The Kangaroo Island Pioneers Association (KIPA), established in 1983, aims to protect and promote South Australia’s oldest and most precious historic sites, which are all found on Kangaroo Island.
It is a surprising fact to many people that South Australia’s oldest and most precious historic sites are all found on Kangaroo Island.
From its discovery by Matthew Flinders in 1802; the famous engraving of Frenchman’s Rock; the visit of sealers, whalers, kangaroo hunters and salt gatherers; the building of the first boat; the arrival of adventurers from Tasmania (with their Aboriginal ‘wives’); and ships’ deserters who eventually became the first farmers, market gardeners and home builders. And all of this – and more – long before formal settlement was even contemplated.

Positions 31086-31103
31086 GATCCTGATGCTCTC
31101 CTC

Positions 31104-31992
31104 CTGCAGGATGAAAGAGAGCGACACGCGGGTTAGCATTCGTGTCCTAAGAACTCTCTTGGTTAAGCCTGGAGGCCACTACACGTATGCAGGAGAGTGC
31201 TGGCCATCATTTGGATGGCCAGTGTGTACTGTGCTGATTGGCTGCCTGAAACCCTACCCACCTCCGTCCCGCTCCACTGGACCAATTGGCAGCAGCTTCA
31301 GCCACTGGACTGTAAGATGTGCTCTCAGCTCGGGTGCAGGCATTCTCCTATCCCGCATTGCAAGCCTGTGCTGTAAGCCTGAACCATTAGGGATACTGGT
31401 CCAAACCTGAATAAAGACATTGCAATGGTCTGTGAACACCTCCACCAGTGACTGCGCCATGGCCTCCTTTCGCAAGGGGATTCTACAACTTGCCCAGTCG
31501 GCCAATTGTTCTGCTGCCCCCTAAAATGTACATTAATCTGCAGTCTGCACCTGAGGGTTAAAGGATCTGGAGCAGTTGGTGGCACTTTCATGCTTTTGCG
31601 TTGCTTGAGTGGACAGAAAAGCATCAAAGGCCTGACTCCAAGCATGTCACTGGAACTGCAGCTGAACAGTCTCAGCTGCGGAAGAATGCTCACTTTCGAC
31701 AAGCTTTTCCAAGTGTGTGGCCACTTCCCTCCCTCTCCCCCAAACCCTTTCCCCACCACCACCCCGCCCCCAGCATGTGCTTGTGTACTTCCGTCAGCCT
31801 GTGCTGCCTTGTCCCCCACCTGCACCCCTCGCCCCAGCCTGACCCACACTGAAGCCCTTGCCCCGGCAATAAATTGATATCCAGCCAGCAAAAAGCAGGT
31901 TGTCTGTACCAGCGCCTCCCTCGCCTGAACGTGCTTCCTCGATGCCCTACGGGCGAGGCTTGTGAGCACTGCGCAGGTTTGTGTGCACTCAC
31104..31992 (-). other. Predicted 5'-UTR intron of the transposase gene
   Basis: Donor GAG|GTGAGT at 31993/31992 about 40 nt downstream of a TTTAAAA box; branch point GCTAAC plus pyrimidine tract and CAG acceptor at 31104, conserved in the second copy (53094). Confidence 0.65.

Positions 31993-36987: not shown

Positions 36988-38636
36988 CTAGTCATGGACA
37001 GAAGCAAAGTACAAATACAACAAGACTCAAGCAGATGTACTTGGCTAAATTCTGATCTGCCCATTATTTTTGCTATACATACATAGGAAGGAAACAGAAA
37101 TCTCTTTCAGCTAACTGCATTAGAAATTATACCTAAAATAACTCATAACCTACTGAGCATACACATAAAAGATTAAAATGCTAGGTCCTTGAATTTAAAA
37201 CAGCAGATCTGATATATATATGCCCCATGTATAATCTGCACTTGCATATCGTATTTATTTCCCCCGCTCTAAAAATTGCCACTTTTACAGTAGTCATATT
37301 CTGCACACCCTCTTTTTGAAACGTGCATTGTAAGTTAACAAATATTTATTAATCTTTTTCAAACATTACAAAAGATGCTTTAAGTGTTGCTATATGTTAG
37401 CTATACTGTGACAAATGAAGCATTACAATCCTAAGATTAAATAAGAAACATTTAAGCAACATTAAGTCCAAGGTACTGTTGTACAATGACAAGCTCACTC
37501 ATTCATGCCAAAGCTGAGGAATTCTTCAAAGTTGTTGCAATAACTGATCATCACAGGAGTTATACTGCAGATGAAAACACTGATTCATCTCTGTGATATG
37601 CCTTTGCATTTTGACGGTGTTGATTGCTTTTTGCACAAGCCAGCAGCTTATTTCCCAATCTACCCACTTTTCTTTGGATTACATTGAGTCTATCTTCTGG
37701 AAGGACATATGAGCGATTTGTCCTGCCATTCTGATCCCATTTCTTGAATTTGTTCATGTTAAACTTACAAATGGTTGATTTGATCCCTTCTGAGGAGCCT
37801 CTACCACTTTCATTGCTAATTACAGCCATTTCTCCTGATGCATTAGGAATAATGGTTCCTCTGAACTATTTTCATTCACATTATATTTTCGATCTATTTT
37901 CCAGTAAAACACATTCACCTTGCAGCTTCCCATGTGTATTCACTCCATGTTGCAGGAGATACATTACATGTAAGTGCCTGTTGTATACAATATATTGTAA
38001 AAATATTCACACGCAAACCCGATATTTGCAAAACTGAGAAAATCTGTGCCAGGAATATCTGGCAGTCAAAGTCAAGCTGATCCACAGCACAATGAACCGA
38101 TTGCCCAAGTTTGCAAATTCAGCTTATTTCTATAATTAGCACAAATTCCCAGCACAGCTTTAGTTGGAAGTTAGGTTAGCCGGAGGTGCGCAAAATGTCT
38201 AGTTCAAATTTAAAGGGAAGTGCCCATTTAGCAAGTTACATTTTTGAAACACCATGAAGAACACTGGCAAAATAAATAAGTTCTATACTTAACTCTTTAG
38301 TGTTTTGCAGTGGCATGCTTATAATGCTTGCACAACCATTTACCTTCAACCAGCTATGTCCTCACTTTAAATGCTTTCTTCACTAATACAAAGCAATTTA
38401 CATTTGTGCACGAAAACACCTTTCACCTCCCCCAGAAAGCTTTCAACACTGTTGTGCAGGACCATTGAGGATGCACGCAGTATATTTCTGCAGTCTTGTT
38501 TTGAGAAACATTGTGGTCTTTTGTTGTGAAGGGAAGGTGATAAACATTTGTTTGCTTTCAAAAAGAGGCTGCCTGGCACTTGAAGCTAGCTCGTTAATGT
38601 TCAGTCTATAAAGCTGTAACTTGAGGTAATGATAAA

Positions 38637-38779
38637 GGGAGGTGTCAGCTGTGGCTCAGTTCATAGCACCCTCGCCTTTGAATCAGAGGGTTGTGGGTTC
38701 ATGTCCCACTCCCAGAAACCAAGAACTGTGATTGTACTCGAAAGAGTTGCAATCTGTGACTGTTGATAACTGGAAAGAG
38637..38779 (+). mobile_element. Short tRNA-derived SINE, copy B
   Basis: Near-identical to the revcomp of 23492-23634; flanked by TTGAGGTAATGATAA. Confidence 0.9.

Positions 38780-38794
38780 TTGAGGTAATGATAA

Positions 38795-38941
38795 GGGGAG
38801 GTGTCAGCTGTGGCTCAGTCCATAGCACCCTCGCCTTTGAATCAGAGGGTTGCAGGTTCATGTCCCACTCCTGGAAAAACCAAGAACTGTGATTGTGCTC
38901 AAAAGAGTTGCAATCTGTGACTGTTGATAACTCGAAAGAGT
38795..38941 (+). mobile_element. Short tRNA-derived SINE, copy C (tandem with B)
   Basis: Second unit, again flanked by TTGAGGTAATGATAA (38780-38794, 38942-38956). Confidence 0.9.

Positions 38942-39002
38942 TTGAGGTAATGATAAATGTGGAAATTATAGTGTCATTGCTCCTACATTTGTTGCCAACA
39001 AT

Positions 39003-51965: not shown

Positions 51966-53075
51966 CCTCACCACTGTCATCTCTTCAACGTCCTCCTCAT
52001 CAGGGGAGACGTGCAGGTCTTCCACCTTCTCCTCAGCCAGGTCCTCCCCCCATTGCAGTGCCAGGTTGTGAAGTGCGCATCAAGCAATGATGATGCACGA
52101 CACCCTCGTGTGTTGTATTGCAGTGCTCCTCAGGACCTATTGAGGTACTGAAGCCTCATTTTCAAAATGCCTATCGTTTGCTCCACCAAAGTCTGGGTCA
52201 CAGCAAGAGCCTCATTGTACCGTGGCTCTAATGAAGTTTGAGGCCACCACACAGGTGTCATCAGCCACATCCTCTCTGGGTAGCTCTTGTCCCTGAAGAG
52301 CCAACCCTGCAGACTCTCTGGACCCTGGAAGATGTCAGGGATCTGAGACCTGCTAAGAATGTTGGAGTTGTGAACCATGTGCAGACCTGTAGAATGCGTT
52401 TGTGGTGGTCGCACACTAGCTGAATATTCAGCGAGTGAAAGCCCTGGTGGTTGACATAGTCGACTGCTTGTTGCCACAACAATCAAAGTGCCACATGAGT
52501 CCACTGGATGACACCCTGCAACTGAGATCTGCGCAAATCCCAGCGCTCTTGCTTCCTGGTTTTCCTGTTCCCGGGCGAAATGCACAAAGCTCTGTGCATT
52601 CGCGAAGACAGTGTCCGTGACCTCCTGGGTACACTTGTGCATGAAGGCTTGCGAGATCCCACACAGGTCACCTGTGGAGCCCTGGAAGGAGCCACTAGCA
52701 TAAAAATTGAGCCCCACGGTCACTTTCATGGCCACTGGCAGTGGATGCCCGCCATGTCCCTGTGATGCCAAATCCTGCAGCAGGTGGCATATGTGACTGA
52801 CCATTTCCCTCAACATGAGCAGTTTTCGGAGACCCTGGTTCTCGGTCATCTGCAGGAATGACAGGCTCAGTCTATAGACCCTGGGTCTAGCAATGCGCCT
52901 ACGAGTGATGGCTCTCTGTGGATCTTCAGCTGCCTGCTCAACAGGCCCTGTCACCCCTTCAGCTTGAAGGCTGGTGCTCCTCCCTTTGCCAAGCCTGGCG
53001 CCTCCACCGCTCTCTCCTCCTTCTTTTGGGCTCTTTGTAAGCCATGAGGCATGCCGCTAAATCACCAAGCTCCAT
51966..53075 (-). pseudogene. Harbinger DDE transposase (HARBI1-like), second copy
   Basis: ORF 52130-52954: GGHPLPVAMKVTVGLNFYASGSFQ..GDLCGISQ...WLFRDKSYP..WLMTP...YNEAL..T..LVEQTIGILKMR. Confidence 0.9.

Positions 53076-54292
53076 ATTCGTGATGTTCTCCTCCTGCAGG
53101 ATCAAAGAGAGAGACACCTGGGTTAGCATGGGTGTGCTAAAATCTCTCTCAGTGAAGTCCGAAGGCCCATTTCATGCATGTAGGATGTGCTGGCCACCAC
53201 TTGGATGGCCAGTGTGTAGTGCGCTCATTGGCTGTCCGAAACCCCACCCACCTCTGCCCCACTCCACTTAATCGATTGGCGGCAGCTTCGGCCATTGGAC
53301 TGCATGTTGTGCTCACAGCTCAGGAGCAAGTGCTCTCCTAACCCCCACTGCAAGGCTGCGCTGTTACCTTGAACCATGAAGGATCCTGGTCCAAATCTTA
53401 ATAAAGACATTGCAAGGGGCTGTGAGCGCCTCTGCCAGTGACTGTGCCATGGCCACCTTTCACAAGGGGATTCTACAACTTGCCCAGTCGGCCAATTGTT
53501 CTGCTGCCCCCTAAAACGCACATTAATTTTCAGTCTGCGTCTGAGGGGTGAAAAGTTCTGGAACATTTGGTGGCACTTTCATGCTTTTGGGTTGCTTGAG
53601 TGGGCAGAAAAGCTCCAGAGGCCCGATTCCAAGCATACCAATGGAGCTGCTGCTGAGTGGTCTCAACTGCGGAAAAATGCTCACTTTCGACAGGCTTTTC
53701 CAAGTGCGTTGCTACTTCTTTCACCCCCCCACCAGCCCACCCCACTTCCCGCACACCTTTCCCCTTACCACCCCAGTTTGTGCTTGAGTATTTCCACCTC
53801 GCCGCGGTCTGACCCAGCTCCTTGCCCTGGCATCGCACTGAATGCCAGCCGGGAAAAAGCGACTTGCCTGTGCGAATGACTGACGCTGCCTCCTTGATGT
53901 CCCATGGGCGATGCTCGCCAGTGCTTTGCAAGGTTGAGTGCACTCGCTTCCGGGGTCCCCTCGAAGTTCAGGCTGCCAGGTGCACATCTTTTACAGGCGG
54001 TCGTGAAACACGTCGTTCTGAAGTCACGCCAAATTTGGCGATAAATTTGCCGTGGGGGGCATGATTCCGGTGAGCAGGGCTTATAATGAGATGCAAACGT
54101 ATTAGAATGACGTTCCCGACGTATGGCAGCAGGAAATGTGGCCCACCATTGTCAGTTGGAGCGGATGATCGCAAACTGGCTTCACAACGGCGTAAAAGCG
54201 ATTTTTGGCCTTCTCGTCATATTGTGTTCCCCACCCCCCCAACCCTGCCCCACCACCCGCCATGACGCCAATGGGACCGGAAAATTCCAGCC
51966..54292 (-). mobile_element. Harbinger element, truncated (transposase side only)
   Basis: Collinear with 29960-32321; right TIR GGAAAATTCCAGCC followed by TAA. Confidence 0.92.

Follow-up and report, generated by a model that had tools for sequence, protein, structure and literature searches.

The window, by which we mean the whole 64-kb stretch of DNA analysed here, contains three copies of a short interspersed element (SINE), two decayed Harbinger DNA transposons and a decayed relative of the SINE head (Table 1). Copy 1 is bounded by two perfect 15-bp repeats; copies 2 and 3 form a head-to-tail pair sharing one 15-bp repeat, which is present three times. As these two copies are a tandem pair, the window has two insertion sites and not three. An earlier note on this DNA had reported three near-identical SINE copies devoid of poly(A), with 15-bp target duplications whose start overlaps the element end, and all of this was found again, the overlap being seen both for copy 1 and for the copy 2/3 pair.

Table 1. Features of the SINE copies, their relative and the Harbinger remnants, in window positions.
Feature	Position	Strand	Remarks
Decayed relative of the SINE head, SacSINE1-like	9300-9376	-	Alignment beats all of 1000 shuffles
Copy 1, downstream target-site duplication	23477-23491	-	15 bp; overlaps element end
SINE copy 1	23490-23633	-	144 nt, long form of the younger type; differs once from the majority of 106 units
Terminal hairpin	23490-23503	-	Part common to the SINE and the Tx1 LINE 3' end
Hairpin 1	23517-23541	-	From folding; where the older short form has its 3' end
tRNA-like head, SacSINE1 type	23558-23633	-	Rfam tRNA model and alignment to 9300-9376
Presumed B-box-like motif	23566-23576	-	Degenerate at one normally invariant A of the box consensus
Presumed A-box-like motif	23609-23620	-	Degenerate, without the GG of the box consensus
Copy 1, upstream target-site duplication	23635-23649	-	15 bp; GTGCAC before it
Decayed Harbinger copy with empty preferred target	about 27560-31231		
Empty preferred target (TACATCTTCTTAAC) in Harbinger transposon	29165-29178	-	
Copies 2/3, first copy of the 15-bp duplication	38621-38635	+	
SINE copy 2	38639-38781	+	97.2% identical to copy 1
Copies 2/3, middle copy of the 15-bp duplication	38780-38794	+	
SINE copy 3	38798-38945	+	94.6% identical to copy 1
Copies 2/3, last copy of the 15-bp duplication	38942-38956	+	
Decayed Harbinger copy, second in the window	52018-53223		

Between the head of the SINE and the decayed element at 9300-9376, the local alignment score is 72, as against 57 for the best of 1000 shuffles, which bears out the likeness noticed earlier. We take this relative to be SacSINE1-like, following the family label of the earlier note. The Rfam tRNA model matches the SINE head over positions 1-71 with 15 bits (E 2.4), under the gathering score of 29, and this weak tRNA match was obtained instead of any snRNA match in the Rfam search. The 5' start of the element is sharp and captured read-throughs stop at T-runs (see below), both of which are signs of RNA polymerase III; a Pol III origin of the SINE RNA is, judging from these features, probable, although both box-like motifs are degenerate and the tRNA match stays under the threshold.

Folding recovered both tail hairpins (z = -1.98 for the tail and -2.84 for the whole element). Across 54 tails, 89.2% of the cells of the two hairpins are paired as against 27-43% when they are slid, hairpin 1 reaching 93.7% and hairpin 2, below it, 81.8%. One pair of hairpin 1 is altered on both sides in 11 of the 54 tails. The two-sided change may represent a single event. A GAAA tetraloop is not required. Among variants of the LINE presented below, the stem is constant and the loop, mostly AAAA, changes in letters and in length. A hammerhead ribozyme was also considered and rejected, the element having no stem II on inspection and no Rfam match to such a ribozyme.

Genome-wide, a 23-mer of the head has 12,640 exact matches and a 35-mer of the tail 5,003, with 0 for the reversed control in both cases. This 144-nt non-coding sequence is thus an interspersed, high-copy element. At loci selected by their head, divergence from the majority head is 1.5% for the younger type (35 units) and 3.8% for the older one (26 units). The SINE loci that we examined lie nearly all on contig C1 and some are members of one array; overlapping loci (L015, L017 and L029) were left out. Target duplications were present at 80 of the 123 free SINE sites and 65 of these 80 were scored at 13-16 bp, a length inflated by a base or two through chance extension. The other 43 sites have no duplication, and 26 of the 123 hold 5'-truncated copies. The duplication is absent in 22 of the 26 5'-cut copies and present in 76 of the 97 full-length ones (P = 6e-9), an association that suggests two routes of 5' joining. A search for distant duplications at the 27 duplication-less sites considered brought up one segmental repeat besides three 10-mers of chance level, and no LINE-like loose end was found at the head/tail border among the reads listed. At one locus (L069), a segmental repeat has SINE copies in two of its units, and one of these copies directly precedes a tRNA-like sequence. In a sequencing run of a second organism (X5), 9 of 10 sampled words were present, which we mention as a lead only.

Some of the early arrivals stayed and became South Australia’s first ‘unofficial’ settlers and long-term residents. They have descendants on the Island to this day.
On July 27 1836, South Australia’s first ‘official’ settlers arrived. A town, Kingscote, at Reeves Point was established. Homes were built and gardens and fruit trees planted, with the iconic Mulberry Tree still flourishing and bearing fruit today.
These remarkable and enthralling aspects of South Australia’s history have been researched; recorded; marked with cairns, monuments and memorials; and promoted for over 30 years by the Kangaroo Island Pioneers’ Association.
KIPA is not based in Kangaroo Island but on the mainland.